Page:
The age-old belief that salty food makes you thirsty and causes you to drink more just got turned on its head. Instead, two studies provide evidence for the idea that salty food causes us to eat more and makes us less thirsty.

Two groups of Russian cosmonauts who were on a simulated mission while preparing for a potential manned spaceflight to Mars were used in one of the studies. U.S. and German researchers fed the men diets that contained between six, nine and 12 grams of salt per day. Everything they ate and drank was recorded, and their urine was collected.

The findings from these studies could shed a whole new light on the treatment of obesity, heart disease, diabetes and osteoporosis.

Conventional wisdom says that after eating excess salt, body water is lost when the excess salt is excreted in the urine, causing us to drink more. But these long-term sodium balance studies found that the body’s response to eating too much salt is contrary to the principles of sodium balance taught in textbooks.

When the amount of dietary salt was increased from six to 12 grams per day, the men drank less water, suggesting that instead of excreting water, the men’s bodies were conserving and producing water.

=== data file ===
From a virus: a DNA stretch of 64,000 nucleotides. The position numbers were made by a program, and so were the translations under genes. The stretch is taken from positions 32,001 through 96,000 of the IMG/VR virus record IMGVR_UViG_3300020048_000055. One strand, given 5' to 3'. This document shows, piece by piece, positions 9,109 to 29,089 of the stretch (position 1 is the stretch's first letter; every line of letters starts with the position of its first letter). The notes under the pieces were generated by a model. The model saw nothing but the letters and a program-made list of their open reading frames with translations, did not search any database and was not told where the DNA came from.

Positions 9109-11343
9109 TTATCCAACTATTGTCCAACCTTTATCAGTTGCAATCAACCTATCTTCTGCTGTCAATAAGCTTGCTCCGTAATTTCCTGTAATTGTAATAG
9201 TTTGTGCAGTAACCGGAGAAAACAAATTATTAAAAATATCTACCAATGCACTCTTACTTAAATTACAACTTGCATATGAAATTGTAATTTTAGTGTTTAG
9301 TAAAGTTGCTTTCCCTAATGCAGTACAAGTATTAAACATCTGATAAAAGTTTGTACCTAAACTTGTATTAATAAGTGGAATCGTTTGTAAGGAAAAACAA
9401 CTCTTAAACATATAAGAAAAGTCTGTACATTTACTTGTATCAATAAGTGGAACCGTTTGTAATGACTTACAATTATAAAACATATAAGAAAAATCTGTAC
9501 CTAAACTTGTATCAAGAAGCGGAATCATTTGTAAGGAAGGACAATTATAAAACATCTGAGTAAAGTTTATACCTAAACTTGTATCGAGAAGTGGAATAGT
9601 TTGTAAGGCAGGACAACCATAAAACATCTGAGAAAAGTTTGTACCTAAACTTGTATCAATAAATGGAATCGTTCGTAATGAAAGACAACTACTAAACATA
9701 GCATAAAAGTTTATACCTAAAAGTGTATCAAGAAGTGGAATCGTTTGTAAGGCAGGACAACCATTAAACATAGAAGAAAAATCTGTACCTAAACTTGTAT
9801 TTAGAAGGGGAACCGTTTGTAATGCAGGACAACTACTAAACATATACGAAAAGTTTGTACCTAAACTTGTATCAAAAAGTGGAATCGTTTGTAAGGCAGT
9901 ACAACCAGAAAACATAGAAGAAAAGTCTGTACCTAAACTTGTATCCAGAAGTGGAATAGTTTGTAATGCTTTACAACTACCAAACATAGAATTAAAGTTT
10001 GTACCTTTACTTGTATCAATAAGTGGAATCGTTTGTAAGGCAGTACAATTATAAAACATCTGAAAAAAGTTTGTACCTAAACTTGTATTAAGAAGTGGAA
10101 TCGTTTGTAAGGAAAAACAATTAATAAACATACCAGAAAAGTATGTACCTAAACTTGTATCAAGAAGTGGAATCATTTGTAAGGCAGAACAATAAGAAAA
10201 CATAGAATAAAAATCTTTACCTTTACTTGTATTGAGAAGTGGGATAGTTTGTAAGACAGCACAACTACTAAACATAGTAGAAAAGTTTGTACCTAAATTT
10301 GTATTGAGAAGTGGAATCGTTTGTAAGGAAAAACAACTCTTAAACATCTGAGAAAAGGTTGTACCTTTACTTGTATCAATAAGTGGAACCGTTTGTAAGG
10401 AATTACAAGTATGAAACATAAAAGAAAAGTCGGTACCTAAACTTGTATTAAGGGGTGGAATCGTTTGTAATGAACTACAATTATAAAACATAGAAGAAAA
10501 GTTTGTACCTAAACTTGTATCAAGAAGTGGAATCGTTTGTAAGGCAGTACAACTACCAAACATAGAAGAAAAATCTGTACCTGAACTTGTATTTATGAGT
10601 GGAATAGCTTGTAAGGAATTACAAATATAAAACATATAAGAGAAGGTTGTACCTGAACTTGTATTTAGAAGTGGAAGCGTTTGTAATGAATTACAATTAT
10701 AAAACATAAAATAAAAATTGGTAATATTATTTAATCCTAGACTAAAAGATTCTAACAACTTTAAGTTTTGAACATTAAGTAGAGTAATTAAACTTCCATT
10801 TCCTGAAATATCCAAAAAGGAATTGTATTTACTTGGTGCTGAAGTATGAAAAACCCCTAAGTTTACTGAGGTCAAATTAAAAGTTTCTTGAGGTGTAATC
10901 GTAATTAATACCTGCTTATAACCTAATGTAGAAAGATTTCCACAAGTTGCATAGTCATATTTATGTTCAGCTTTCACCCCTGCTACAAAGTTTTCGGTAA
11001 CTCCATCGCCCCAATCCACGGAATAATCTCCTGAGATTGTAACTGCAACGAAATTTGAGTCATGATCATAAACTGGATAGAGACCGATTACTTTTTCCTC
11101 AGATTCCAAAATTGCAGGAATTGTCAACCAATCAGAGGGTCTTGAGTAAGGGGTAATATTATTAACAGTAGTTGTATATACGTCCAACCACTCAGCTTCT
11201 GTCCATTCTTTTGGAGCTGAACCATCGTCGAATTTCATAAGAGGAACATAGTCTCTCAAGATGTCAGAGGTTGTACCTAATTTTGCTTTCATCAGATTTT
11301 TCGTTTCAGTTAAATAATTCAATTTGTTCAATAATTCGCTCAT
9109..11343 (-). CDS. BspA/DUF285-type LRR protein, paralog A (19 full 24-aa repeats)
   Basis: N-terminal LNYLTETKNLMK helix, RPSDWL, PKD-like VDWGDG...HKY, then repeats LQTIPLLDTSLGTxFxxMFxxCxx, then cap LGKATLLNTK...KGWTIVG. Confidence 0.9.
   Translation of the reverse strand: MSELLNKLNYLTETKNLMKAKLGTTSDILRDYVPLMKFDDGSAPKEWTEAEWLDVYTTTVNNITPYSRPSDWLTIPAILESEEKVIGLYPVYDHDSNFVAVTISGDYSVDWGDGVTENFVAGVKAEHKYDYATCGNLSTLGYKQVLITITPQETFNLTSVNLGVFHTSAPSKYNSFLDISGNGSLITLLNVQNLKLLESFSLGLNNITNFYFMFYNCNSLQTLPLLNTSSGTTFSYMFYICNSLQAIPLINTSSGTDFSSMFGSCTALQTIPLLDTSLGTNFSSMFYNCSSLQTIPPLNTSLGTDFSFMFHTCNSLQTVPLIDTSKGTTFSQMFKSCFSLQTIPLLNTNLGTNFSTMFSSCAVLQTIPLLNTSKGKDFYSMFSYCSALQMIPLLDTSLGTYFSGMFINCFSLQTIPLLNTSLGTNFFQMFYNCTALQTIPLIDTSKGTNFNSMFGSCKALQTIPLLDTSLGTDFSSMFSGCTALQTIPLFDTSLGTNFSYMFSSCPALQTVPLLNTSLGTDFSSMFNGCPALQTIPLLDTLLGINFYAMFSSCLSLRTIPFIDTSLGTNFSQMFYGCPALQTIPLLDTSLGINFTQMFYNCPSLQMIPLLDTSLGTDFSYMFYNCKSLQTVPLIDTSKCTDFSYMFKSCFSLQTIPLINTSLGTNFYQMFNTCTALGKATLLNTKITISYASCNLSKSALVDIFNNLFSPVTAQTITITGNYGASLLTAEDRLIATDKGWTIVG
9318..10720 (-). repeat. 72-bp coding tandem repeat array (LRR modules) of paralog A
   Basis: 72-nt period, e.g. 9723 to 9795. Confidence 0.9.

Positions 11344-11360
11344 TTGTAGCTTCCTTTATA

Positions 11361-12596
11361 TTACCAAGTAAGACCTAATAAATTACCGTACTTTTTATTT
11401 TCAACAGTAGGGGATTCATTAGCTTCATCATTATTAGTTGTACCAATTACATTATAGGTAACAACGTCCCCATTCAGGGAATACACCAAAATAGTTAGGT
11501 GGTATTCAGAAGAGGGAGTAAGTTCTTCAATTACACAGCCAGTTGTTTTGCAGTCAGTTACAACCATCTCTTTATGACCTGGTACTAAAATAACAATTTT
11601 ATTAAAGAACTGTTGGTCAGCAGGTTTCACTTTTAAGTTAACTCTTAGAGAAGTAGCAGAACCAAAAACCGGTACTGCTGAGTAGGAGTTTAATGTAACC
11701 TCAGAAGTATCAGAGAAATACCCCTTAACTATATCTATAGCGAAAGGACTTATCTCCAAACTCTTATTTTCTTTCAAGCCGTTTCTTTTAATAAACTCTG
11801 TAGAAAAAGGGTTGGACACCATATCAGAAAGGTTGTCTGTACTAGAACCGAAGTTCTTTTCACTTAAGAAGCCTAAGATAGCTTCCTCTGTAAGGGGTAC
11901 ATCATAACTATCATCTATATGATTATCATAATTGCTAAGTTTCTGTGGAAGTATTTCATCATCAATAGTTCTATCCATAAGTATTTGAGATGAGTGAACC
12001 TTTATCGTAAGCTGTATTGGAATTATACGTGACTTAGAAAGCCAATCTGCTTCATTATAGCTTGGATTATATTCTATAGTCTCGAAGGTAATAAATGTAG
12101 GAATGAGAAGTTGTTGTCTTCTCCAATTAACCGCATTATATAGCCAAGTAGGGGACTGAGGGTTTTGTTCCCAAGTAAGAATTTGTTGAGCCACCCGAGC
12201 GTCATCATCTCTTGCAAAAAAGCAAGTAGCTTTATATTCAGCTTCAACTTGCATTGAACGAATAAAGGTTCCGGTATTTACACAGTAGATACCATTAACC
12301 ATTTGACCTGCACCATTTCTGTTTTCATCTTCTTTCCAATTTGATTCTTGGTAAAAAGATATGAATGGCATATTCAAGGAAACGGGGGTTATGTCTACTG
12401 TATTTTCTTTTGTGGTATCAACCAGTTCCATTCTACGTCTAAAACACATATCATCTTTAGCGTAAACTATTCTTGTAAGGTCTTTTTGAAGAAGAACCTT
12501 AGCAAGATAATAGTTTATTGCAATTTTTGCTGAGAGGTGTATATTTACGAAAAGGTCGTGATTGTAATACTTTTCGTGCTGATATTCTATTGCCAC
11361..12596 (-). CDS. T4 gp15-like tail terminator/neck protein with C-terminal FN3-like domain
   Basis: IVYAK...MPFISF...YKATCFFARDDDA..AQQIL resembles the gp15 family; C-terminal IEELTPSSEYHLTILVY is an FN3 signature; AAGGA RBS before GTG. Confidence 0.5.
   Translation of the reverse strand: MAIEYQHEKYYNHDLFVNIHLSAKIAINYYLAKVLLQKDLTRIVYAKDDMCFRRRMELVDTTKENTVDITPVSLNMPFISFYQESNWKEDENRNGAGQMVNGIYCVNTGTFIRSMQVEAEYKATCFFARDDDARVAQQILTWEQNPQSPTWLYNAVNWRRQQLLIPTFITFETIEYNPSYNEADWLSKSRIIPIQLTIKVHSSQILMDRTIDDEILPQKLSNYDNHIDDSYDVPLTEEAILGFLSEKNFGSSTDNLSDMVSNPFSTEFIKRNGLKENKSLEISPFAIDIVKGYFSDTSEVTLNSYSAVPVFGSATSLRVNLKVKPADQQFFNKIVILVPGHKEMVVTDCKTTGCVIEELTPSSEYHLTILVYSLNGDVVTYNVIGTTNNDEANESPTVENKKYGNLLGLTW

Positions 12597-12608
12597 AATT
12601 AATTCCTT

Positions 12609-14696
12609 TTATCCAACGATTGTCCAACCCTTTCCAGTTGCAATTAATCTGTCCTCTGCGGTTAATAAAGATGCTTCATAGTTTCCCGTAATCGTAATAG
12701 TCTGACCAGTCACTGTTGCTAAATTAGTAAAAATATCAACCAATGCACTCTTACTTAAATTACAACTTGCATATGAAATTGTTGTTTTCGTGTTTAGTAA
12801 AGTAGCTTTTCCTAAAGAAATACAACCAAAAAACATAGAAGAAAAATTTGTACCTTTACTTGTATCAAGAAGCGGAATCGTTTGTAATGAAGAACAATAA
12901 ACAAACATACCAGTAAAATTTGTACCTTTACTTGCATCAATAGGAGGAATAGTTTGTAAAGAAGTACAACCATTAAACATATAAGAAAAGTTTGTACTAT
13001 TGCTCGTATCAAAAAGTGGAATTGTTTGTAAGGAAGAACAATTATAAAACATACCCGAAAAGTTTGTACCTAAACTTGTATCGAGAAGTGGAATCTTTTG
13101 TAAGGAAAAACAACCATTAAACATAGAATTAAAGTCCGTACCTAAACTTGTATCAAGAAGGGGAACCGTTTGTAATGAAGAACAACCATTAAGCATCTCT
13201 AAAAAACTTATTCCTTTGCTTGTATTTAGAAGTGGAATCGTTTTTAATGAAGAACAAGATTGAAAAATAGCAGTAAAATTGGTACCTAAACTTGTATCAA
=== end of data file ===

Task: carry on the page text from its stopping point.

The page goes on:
There are a number of steps to this process, as an animal study by some of the same researchers showed. It found that high salt intake caused a state of muscle wasting in the body that was fueled by glucocorticoids, hormones that are notorious for breaking down muscle tissue. The by-product of muscle wasting, urea, allowed the kidneys to reabsorb and conserve body water as the salt was flushed from the body.

However, the loss of muscle tissue requires the body to expend a lot of energy to avoid dehydration, so the body requires extra fuel — which means eating more. This could explain why the Russian cosmonauts complained of hunger as their sodium intake was increased.

High levels of glucocorticoid hormones, a result of water conservation, are considered an independent risk factor for obesity, heart disease, diabetes, and osteoporosis. The findings from these studies could shed a whole new light on the treatment of these diseases.

The focus on salt has always been in relation to high blood pressure, but, according to Jens Titze of Vanderbilt University, one of the researchers, these findings suggest that there is a lot more to learn.

The studies are published in the Journal of Clinical Investigation.